In 2015, the Supreme Court, in its decision in B&B Hardware, Inc. v. Hargis Industries, Inc. (“B&B”), held that sometimes issue preclusion should apply to prior Trademark Trial and Appeal Board (“TTAB”) decisions. 135 S. Ct. 1293 (2015). Under this directive, if the TTAB decides the issue of “likelihood of confusion” when making a determination … Continue Reading

The Yellow Pages Live On

Calling the district court’s action an “abuse of discretion,” the 11th Circuit reversed a decision that cut by more than 90 percent a successful copyright infringement plaintiff’s request for attorney’s fees and costs. Yellow Pages Photos, Inc. v. Ziplocal, L.P., No. 16-11868 (January 24, 2017). This is the latest decision issued in the long-running dispute … Continue Reading

Trade Dress Claim Based on Shoe’s Rectangular Metal Toe Plate Booted by SDNY

The Southern District of New York recently booted shoe manufacturer LVL XIII Brands, Inc.’s trade dress infringement suit against Louis Vuitton Malletier S.A. in LVL XIII Brands, Inc. v. Louis Vuitton Malletier S.A.. At issue in this lawsuit was Plaintiff LVL XIII’s claim to exclusive trade dress rights in a rectangular metal toe plate on … Continue Reading

Ninth Circuit Revives Trader Joe’s Federal Trademark Claims Brought In Washington Against “Pirate Joe’s” Operating In Canada

In Trader Joe’s Company v. Michael Norman Hallatt, the Ninth Circuit recently found that Trader Joe’s allegations of infringing conduct occurring within Canada supported a cognizable claim under the Lanham Act. In particular, Trader Joe’s, a well-known American grocery store chain, filed suit in federal court in Washington State in 2013, alleging trademark and unfair … Continue Reading

Nominative Fair Use: The Second Circuit Joins Neither The Third Nor Ninth Circuits In Its Approach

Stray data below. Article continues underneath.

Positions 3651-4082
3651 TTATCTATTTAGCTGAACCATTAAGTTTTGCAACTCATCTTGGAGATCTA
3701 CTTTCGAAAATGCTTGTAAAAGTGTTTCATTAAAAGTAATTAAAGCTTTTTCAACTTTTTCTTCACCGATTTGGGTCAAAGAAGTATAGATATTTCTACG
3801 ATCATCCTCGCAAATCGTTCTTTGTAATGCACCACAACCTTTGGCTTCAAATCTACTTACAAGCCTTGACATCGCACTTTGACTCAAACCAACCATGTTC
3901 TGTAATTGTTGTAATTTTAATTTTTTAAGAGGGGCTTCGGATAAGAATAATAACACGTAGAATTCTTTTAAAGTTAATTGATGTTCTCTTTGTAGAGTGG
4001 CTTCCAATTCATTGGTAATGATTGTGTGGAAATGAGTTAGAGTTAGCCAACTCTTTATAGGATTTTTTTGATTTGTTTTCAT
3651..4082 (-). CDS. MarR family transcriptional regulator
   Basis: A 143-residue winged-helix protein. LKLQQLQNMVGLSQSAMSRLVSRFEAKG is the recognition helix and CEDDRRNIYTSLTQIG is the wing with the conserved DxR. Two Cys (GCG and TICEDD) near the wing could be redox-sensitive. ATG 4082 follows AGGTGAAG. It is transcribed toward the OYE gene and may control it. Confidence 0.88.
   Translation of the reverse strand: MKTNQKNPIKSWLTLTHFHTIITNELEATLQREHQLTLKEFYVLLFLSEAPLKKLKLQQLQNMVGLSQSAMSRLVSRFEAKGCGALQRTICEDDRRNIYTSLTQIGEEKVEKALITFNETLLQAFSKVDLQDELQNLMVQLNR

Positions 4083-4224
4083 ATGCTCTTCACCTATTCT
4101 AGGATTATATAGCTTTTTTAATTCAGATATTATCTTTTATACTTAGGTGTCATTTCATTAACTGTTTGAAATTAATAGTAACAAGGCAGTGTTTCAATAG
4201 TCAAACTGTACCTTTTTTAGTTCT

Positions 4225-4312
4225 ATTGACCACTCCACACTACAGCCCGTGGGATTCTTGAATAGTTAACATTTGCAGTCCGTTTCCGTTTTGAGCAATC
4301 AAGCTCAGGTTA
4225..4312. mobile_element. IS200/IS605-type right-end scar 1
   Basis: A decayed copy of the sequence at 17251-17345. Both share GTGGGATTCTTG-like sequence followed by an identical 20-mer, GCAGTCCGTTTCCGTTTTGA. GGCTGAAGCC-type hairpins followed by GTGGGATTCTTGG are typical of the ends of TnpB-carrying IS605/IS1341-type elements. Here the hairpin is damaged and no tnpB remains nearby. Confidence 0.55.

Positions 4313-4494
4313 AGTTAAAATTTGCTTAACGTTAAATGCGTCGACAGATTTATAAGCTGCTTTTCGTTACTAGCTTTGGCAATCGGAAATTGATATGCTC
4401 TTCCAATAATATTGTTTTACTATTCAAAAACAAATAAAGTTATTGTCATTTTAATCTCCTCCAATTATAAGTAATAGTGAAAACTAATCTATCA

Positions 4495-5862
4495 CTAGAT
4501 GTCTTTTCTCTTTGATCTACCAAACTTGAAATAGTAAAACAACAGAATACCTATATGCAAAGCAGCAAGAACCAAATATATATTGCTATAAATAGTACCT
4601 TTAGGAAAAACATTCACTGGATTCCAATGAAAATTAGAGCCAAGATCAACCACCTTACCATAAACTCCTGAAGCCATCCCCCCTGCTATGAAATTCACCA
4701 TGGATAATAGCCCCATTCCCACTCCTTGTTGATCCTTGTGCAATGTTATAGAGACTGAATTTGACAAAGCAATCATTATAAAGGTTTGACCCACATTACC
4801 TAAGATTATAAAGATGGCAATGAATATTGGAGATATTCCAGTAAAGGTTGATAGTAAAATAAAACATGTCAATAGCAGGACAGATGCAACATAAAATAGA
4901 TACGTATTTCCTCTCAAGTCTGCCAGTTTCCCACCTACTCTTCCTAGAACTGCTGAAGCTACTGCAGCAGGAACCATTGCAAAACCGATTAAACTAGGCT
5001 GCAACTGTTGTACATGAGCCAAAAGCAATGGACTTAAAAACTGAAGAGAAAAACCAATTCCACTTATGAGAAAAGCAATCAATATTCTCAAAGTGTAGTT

In an important decision delineating the boundaries of fair use of another person’s trademark, the Second Circuit announced a standard by which nominative fair use of a trademark will be evaluated in that Circuit in International Information Systems Security Certification Consortium, Inc. v. Security University, LLC. Because the Court ruled that the district court made … Continue Reading

The Hound’s-Tooth Bites Back: The Ghost of Paul “Bear” Bryant

Recently, a District Court judge issued a scathing rebuke to the United States Patent and Trademark Office in Board of Trustees of the University of Alabama et al. v. Houndstooth Mafia Enterprises LLC, (N.D. Alabama February 23, 2016).  Judge Proctor’s memorandum opinion upbraided the USPTO’s Trademark Trial and Appeal Board (“Board”) for ignoring his earlier-issued order … Continue Reading

In re Tam: Section 2(a) Unconstitutional Under The First Amendment

In a landmark First Amendment decision relating to the Lanham (Trademark) Act, the Federal Circuit, en banc, struck down § 2(a) of the Lanham Act, 15 U.S.C.  § 1052(a), the statutory provision barring registration of “disparaging” marks.  By a 9-3 vote, the Court held that § 2(a) violates a trademark applicant’s free speech rights.  In … Continue Reading

It Ain’t Over ‘Til It’s Over: 6th Circuit Confirms That Post-Trial Motions Toll The Deadline To File Attorneys’ Fees Motions And Extends Octane Fitness To Trademark Litigations

In Slep-Tone Entertainment Corp. v. Karaoke Kandy Store, et al., No. 14-3117 (6th Cir. April 6, 2015), the Sixth Circuit confirmed that post-trial motions toll the deadline for filing motions for attorneys’ fees under Rule 54.  Moreover, the Court held that the Supreme Court’s interpretation of the phrase “exceptional case,” as that phrase is used … Continue Reading

Fourth Circuit Dispenses Comity and Limits Relief in Paper Towel Dispute

The Fourth Circuit recently ruled on several important issues regarding the scope of relief that may be granted for trademark infringement.   The backdrop for the decision in Georgia Pacific Consumer Products LP v. Von Drehle Corp. was a 2012 jury verdict that a North Carolina company was liable for contributory trademark infringement for designing and … Continue Reading